In my last post I looked at using predictive machine learning models (specifically, a boosted ensemble like xGB Boost) to improve on Probability of Default (PD) scoring and thereby reduce RWAs. The results were quite impressive at determining default rate risk – a reduction of up to 20 percent. Default prediction like this would make any balance sheet owner happy – empowering lenders to more accurately predict which borrower presents a credit risk.
To ensure accurate forecasting, we need to not only determine probability of default but also create explainable machine learning models, which is harder than with traditional scorecards. One needs to lay out how the algorithm impacts the credit risk decision, in a way that is accurate, scalable and easy to review. So let’s see how a machine learning algorithm can be managed within our FICO Business Outcome Simulator (BOS), to offer these more accurate prediction methods.
To do this, I used the xAI toolkit in FICO Analytics Workbench, part of the capabilities available on FICO Platform, and that means I can create a Python container with my machine learning model, with all its explainability, and use it elsewhere.
Quick Access to explainability for machine learning models
With my colleague Prasanth, we put together a toolkit in FICO Business Outcome Simulator (BOS) to allow capital model managers quick access to explainability of their new machine learning algorithms. From comparing the old to new results quickly (and allowing a deep dive into different segments) to exploring the individual records to see why they received the Probability of Default (PD) they did, the power of Xpress Insight lets us create any dashboard or report we want, and gives us the capability of executing models and explainability natively with greater accuracy and flexibility.
How does it work? We start by bringing in the current Probability of Default (PD) model and then creating a candidate model with data supplied by the client. We use Analytics Workbench to produce the machine learning Probability of Default (PD) model and add it alongside the current model on the BOS shelf. From here we can run a risk-weighted assets (RWA) comparison (as precise as possible, depending on other data supplied by the client) and show the differences in the prediction on a full portfolio basis or filtered down using any of the data fields available.
Now it gets interesting. Although we built the explainable machine learning model inside Analytics Workbench — accessing the unique FICO code libraries that are available on the FICO Platform for interpreting all kinds of tree ensemble models — because these xAI libraries are a core capability on the Platform, and because we can run Python code natively in different places as required, we can show the model interpretability details within BOS.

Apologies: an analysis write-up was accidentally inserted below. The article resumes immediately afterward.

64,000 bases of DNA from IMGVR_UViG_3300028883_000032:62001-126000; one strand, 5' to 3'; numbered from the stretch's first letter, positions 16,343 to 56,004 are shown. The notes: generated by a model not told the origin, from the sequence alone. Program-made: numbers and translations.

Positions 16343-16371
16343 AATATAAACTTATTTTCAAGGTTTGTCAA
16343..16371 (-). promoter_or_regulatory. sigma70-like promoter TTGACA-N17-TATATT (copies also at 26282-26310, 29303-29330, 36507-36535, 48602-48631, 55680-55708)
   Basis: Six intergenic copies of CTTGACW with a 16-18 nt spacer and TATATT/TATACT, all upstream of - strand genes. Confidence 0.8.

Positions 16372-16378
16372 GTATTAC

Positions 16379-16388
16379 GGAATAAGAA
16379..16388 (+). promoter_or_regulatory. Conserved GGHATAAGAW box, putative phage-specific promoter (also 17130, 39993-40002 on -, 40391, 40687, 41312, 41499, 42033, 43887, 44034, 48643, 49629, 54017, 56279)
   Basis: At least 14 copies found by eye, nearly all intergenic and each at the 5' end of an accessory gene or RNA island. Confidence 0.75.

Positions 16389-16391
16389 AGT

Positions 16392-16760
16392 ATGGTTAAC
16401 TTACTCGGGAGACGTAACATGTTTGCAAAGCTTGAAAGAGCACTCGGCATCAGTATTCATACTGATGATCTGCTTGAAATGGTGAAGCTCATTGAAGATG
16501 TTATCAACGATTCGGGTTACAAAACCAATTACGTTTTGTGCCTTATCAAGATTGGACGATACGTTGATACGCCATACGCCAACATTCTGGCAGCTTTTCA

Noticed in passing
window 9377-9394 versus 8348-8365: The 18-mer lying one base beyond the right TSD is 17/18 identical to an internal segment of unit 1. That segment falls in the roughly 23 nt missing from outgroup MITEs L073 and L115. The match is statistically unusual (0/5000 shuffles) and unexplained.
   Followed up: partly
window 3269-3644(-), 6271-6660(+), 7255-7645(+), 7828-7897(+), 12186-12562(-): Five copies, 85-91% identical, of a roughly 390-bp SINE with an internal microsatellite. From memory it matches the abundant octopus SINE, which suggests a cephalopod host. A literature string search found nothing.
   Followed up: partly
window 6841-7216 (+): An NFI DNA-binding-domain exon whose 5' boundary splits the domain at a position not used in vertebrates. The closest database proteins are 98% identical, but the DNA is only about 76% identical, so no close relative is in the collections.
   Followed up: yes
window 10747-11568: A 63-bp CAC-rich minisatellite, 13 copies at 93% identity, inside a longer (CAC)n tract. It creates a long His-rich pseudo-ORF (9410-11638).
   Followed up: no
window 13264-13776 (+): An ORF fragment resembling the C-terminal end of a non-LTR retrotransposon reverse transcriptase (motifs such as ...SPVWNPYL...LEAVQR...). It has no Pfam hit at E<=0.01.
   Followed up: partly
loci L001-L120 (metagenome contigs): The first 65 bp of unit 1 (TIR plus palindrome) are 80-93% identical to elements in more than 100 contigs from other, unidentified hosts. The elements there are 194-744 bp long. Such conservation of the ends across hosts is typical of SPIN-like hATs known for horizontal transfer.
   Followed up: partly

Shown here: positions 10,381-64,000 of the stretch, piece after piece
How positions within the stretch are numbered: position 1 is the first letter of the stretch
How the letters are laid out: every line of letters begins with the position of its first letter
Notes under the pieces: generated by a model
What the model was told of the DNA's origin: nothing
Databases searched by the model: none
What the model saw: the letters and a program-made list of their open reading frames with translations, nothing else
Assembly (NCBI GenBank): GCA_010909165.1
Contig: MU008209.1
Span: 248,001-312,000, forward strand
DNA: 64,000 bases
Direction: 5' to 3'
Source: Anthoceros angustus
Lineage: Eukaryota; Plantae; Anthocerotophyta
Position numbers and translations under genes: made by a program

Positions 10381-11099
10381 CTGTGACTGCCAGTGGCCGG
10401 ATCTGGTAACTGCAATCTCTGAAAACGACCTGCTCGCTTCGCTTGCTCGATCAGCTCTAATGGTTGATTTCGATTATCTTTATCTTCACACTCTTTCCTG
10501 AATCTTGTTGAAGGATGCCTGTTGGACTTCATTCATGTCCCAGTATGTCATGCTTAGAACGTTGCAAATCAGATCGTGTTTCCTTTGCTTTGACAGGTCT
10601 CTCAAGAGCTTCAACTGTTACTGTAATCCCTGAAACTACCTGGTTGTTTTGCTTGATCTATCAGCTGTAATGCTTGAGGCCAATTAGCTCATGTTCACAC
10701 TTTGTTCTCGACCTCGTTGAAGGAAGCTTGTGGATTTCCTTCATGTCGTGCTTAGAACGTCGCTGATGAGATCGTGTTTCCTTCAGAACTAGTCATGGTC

First up are the model-level variable explanations. The Feature Importance statistics are just the tip of the iceberg of what we can show here. Behind the scenes the algorithm is generating Partial Dependency Plots, Group Performance Metrics on a variable-by-variable basis, aggregated feature contribution visualisations (violin plots are popular for this), ICE plots, pairwise feature importance diagrams and more. All these things can be brought out and displayed with BOS.
Method to get the individual default prediction of a borrower
Next, we move to individual instance explanations. Here we can show how the fields for an individual account or borrower contribute to the final score and can display how those contributions compare to the broader model build dataset. Digging deeper, we can provide sensitivity curves giving a unique view for each exposure as to how their Probability of Default (PD) might change if individual variables are altered.
With this method, the combination of macro- and micro-level analysis provides assurance that, subject to regulatory approval, moving to machine learning Probability of Default (PD) models not only delivers RWA improvements, it means that the new machine learning models can be explained at the model and individual instance level, a necessary criterion for both internal and external audiences.
If you’re interested in finding out how FICO xAI and the power of the Decision Management Platform can enhance your life-cycle model execution or provisioning and capital calculations, do let us know. With regulators around the world increasing looking approvingly at the use of machine learning solutions in these areas, FICO can enable banks to be at the forefront of innovation for Pillar 1 and Pillar 2 RWA calculations.
With thanks to Prasanth Rajendiran and the FICO Business Outcome Simulator team